There are several Factors and Features that have contributed to this bulky size of our Constitution.

Longest Constitution 

  • The present Constitution of India is the largest and most comprehensive among all the written Constitutions in the world. 
  • It consists of 443 Articles and 12 Schedules. 
  • The Government or India Act, 1935 was the lengthiest statute ever passed by the Parliament in the U.K Since the framers of our Constitution adopted this statute as a model, the new Constitution became bulky. 
  • Immense diversity of India:  There are various religions, languages, castes, races here. It is said to be a multiracial, multilingual, and multireligious country. Various provisions have been provided in the Constitution to meet the needs of different people in India. 
  • A special provision has been made to safeguard the interests of the minorities. The Scheduled castes and Scheduled Tribes have been accorded special benefits under the Constitution. 
  • The detailed chapters on the Fundamental Rights, Centrestate Relations, Directive Principle of State Policy (DPSP), Emergency provisions, Fundamental duties etc. have contributed to the lengthy size of the Constitution. 

Parliamentary System 

  • Unlike the United States of America with its Presidential executive and the Swiss Constitution with its collegiate executive, the Indian Constitution proposes a Parliamentary system of government for the country. This is because of the British influence. 
  • The framers of the Constitution adopted the Parliamentary form of government because of our long association with Britain, the mother of Parliamentary system. 
  • The earlier Acts of the British Government like the Government of India Acts of 1919 and 1935, had already introduced a limited parliamentary government in India. 

Indian made Federalism: Federal in Form but Unitary in Spirit 

The Indian Constitution accommodates an elected type of government. Federalism is not an endowment of the British Parliament, but rather it originates from the desires of the general population. The Federalism of India is unique in relation to the American model. It is designed on the premise of Canadian model.
  •  Art. 1 of the Constitution declares India as the 'Union of States.' The structure of the Indian Polity is made federal and there is a dual polity and Constitutional division of powers. All federal features are there in our Constitution, but at the same time the unitary spirit of the Constitution is not ruled out.
  • The Union is more powerful than Units.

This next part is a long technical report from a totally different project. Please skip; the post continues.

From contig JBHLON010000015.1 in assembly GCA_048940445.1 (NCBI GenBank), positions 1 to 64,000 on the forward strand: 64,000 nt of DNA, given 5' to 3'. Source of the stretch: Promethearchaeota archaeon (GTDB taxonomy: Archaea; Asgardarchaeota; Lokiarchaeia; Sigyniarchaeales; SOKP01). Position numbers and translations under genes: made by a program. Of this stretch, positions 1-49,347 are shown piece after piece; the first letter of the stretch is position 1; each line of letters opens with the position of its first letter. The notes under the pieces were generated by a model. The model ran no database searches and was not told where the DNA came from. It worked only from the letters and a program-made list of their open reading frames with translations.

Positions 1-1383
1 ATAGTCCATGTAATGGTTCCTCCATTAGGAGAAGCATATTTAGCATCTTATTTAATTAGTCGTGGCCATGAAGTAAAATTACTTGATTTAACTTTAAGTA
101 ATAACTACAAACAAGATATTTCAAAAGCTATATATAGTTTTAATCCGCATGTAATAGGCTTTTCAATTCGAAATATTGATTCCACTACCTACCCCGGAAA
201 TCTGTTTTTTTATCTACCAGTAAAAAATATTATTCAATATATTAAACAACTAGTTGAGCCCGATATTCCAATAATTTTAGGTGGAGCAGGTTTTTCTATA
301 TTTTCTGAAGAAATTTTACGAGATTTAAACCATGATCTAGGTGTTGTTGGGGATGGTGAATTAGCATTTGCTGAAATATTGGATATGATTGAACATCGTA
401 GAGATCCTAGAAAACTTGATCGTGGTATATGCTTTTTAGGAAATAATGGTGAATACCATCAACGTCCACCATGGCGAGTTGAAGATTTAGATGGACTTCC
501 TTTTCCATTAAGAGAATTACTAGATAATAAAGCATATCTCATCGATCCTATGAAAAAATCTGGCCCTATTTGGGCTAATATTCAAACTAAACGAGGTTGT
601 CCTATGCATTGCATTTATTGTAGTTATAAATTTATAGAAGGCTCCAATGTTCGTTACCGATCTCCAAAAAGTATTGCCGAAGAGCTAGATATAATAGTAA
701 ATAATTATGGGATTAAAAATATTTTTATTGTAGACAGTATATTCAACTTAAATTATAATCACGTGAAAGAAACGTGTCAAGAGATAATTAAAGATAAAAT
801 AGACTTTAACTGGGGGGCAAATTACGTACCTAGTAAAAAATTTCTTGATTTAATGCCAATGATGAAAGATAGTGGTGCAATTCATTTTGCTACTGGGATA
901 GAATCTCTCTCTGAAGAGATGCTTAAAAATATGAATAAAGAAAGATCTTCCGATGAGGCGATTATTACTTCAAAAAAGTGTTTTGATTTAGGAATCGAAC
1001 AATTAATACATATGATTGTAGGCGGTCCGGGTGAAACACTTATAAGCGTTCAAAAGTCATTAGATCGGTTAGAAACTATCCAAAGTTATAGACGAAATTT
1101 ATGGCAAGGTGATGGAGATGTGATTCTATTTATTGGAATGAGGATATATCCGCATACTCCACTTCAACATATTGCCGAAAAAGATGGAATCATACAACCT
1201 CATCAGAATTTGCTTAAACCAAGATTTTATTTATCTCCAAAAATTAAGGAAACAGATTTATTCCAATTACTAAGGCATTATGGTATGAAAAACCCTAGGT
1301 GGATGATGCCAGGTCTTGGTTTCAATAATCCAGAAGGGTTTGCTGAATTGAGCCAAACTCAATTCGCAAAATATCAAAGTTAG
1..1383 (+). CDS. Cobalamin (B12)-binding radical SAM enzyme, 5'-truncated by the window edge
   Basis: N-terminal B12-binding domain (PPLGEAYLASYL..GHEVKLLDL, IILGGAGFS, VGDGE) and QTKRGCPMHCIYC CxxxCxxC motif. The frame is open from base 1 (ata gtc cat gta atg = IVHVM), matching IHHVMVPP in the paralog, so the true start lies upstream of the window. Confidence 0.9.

• There is a provision of emergency in which the state governments can be suspended and put under the central administration.
  • The appointment of Governors, the provisions of all India services, integrated judiciary, single citizenship etc. are some of the features in our Constitution which promote Unitarianism.
  • This has led critics to say that our CONSTITUTION is partly unitary or a 'quasi-federal' one.
  • It seems that there is a happy blend between Unitarianism and Federalism in our Constitution. Fundamental Rights, Duties and DPSP
  • Our Constitution incorporates a set of Fundamental Rights guaranteed to all citizens of India. Part III of the Constitution which contains 24 Articles (Article 12 to 35) deals with six categories of the Fundamental Rights.
  • Similarly there are 11 Fundamental Duties incorporated in the Constitution provided by the 42nd Amendment Act 1976 and one duty added by 86th Amendment, 2002 of the Constitution. These are added in Article 51A in the Chapter of DPSP.
  • The DPSP are in the nature of a set of instructions issued to the government for implementation. The underlying idea behind these directives is that the party holding the reign of administration should implement these Constitutional ideas.

Fundamental Rights, Duties and DPSP 

  • Our Constitution incorporates a set of Fundamental Rights guaranteed to all citizens of India. Part III of the Constitution which contains 24 Articles (Article 12 to 35) deals with six categories of the Fundamental Rights. 
  • Similarly there are 11 Funda- mental Duties incorporated in the Constitution-10 provided by the 42nd Amendment Act 1976 and one duty added by 86th Amendment, 2002 of the Constitution. These are added in Article 51-A in the Chapter of DPSP. 
  • The DPSP are in the nature of a set of instructions issued to the government for implementation. The underlying idea behind these directives is that the party holding the reign of adminis- tration should implement these Constitutional ideas.